starting to wane. Enough bubbles have been burst; enough spiritual teachers,
Eastern and Western, have been caught with pants or halo down; enough cults
have come and gone; enough time has been spent with spiritual baubles,
credentials, energy transmissions, and gurucentrism to sense deeper treasures.
But valuable as the desire for a more authentic spirituality is, such change will
not occur on any significant scale and really take root until spiritual bypassing
is outgrown, and that is not as easy as it might sound, for it asks that we cease
turning away from our pain, numbing ourselves, and expecting spirituality to
make us feel better.

True spirituality is not a high, not a rush, not an altered state. It has been fine
to romance it for a while, but our times call for something far more real,
grounded, and responsible; something radically alive and naturally integral;
something that shakes us to our very core until we stop treating spiritual
deepening as something to dabble in here and there. Authentic spirituality is
not some little flicker or buzz of knowingness, not a psychedelic blast-through
or a mellow hanging-out on some exalted plane of consciousness, not a bubble of
immunity, but a vast fire of liberation, an exquisitely fitting crucible and
sanctuary, providing both heat and light for the healing and awakening we need.

Most of the time when we're immersed in spiritual bypassing, we like the light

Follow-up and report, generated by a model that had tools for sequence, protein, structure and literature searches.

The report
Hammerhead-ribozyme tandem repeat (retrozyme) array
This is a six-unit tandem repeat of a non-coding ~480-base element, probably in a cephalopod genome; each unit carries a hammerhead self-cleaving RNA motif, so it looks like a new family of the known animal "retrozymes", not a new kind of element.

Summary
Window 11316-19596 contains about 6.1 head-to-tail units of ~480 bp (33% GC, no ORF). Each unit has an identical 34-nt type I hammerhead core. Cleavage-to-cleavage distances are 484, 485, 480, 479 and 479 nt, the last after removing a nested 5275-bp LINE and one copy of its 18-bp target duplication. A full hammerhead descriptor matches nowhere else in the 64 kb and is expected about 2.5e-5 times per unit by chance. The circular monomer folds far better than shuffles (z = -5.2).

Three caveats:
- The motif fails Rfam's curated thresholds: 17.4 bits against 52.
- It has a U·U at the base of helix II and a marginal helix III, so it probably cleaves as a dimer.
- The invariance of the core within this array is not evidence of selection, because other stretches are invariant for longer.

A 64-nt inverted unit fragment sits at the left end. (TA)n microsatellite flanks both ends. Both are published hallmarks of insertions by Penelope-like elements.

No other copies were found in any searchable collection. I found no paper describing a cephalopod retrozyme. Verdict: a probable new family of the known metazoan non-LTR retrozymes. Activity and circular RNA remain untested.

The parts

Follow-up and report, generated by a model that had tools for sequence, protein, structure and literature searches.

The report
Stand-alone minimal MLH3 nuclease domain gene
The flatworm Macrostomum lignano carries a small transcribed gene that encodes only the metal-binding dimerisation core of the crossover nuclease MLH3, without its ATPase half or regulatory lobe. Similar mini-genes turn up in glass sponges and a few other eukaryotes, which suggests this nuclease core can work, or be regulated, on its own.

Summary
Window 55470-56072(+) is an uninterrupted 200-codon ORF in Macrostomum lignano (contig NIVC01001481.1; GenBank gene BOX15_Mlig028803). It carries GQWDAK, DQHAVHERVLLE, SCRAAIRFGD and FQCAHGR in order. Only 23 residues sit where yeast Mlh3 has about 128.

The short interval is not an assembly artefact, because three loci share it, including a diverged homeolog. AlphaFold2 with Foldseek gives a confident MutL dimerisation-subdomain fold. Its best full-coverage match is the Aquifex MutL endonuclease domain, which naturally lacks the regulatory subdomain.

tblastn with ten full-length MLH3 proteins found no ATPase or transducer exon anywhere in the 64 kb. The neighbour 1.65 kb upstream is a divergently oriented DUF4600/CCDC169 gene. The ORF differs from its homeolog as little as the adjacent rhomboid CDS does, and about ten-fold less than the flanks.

but not the heat. And when we're caught up in the grosser forms of spiritual
bypassing, we'd usually much rather theorize about the frontiers of
consciousness than actually go there, suppressing the fire rather than breathing
it even more alive, espousing the ideal of unconditional love but not permitting
love to show up in its more challenging, personal dimensions. To do so would be
too hot, too scary, and too out-of-control, bringing things to the surface that
we have long disowned or suppressed.

But if we really want the light, we cannot afford to flee the heat. As Victor
Frankl said, "What gives light must endure burning." And being with the fire's
heat doesn't just mean sitting with the difficult stuff in meditation, but also
going into it, trekking to its core, facing and entering and getting intimate with
whatever is there, however scary or traumatic or sad or raw.

We have had quite an affair with Eastern spiritual pathways, but now it is time
to go deeper. We must do this not only to get more intimate with the essence of
these wisdom traditions beyond ritual and belief and dogma but also to make
room for the healthy evolution, not just the necessary Westernization, of these
traditions so that their presentation ceases encouraging spiritual bypassing
(however indirectly) and, in fact, consciously and actively ceases giving it soil
to flower. These changes won't happen to any significant degree, however,
unless we work in-depth and integratively with our physical, emotional,
psychological, spiritual, and social dimensions to generate an everdeeper sense
of wholeness, vitality, and basic sanity.